3. Was the large scale churn in our vote between 1997 and 200,1that you refer to, based on constituencies where we were campaigning hard or based on the voting population as a whole? From 1992-2018 I have kept a very close eye on canvass figures in my area and certainly between 1997-2001 I don’t recognise any such churn on that scale. If the data is drawn from the nationwide population such churn is more easily explainable. Being generous, lets say that 150 constituencies between 1997-2001 saw serious LD Campaigning and 500 saw only a Ward or two being active. In those 500 the LD vote would be very transient and subject to to the national mood/opinion poll swings/media coverage (or lack of at any given time). Whereas in seriously campaigning areas a political ‘micro climate’ could be created, without which a small third Party cannot succeed under FPTP.

    • Hi Paul – the figure in the post is a national figure. In our held constituencies, where there was polling done during the Parliament, many of the polls showed our support falling back sharply during the Parliament (even putting the MP back down in third place in one case) – so it wasn’t a case of simply held seats having a solid base of support. As we went on to win nearly all of them, even if it was the same voters we won back, that is still a form of big churn, albeit of a different kind (same people in and out, rather than one lot of people in and a different lot out).

      I’m sure that intensive year-round campaigning – especially in areas with annual local elections – will have reduced the churn in places, though if it was the hard work year-round that did it, it actually reinforces the overall point: that with a small core vote, we have to work extremely hard just to stand still overall and that holds us back. (David Howarth and I expanded on this in our pamphlet, but hopefully that quick summary illustrates the more detailed points.)

  2. Thanks for responding Mark. But that takes us on to a question I have asked before and never seen answered. How long do you think it will take to create this solid Core Vote that sticks with us regardless? Not much sign of it yet so 3 years post 2015 is clearly too short a period. Ten years? Twenty? Fifty?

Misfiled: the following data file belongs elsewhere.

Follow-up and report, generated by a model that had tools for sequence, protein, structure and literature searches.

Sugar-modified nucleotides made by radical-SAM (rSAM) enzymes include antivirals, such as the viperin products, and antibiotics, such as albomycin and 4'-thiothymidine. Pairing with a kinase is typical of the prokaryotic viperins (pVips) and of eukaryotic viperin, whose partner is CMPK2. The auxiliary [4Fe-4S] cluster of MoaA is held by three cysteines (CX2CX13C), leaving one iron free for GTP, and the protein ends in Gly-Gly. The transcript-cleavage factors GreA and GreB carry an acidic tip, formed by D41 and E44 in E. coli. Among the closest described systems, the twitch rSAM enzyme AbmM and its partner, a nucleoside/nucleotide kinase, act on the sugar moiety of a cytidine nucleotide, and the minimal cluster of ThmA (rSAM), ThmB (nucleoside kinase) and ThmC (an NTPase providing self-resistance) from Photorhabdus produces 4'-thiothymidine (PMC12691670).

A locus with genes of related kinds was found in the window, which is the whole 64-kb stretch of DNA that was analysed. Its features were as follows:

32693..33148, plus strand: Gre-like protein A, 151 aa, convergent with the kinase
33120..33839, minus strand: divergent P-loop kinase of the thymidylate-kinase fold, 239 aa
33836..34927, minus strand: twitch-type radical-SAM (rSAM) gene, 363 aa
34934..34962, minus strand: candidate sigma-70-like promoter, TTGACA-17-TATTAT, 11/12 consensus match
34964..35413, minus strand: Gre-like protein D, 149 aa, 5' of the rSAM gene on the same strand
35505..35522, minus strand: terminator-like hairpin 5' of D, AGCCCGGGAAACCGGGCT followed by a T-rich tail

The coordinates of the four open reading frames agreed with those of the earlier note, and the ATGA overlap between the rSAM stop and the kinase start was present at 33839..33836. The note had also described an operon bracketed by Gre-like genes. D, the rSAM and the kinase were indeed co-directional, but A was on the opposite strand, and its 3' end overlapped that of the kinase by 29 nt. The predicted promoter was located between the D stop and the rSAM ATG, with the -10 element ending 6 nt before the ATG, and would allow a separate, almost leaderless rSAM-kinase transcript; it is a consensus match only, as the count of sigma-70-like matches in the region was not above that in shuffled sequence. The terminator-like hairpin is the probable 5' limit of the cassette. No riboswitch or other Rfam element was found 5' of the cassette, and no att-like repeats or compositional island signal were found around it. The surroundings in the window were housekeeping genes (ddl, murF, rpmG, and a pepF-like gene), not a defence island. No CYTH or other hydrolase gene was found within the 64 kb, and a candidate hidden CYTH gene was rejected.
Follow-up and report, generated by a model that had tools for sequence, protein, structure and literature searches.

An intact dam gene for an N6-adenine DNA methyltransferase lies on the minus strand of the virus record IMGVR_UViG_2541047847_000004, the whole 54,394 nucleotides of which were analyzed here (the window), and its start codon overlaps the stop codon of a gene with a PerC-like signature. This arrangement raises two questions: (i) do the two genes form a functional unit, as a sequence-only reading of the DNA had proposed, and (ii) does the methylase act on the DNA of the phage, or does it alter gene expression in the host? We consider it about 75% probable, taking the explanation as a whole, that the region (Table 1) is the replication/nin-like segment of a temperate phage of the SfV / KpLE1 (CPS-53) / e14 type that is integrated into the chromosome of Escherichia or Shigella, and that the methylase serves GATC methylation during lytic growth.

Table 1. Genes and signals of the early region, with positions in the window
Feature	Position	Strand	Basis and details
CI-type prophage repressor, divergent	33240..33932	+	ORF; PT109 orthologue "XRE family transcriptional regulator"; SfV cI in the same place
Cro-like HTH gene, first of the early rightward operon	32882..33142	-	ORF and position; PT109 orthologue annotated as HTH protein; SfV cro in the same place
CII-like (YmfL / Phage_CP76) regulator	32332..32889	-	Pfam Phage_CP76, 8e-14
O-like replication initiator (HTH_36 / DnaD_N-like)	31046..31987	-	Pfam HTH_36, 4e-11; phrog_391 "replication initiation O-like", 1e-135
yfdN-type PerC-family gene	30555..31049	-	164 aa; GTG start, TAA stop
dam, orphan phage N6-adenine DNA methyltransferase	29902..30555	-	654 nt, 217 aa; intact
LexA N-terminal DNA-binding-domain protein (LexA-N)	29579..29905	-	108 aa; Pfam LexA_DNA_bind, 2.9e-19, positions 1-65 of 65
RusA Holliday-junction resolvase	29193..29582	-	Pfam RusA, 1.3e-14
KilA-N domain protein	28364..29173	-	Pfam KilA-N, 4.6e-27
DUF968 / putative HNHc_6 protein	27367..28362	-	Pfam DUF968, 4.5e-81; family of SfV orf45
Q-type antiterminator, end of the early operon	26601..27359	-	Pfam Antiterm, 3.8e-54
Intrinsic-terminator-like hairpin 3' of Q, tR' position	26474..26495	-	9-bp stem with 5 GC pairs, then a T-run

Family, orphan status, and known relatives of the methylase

Also, how difficult would becoming a niche Party of urban, educated professionals, who are pro EU and pro immigration, make it to attract all those other voters who we cannot win FPTP elections without?

    Also, given that, as yet, there is next to no sign of such ‘Core’ voters switching to us whilst the Brexit debate is at full strength what are the prospects of them doing so once Brexit is a done deal?

    And finally! No thoughts on my suggestion that increasing the diversity of our Party needs to mean more than just improving the mix of middle class faces? I read that your hero Trudeau has been taking some flack for failing to take his ‘improved mix’ beyond that of the middle class. On the other hand if ‘we’ are to officially aim our policies at building a Core Vote of the urban, educated etc etc then perhaps social/class diversity is not a priority?

    • On the point about core vote versus first past the post – this piece (attempts to) address that, though in addition given the way you framed the question, it’s worth emphasising that although the sort of core vote David Howarth and I sketched out tends towards being more pro-EU, more education, more BAME, more female, etc., that’s not the same as being completely made up of such people. Plus if you look at the number of people who voted Remain in areas that were overwhelmingly Leave, those numbers are still often higher than the number we need to be winning local elections – so building up towards such a core vote both isn’t as exclusive as your description implies but also is a much higher ceiling too.

      On timescales, I don’t think it’s a pure binary – either someone is a core voter or isn’t – it’s more of a spectrum, so in that sense each year of campaigning (even if it’s a year without elections) can be a year taking us in the right direction and banking some gains from the progress we’ve made. Each bit of strengthening the foundations helps, so there isn’t a magic ‘job done’ date to try to estimate in the future.

      Re Trudeau – he’s very impressive, though I wouldn’t count him as a hero given his decision to drop electoral reform. Looking back at what I’ve written about him, I can’t see what I’ve said that makes him sound like my hero – I wonder if you might be conflating my views with those of others?

Leave a Reply

Your email address will not be published. Required fields are marked *

All comments and data you submit with them will be handled in line with the privacy and moderation policies.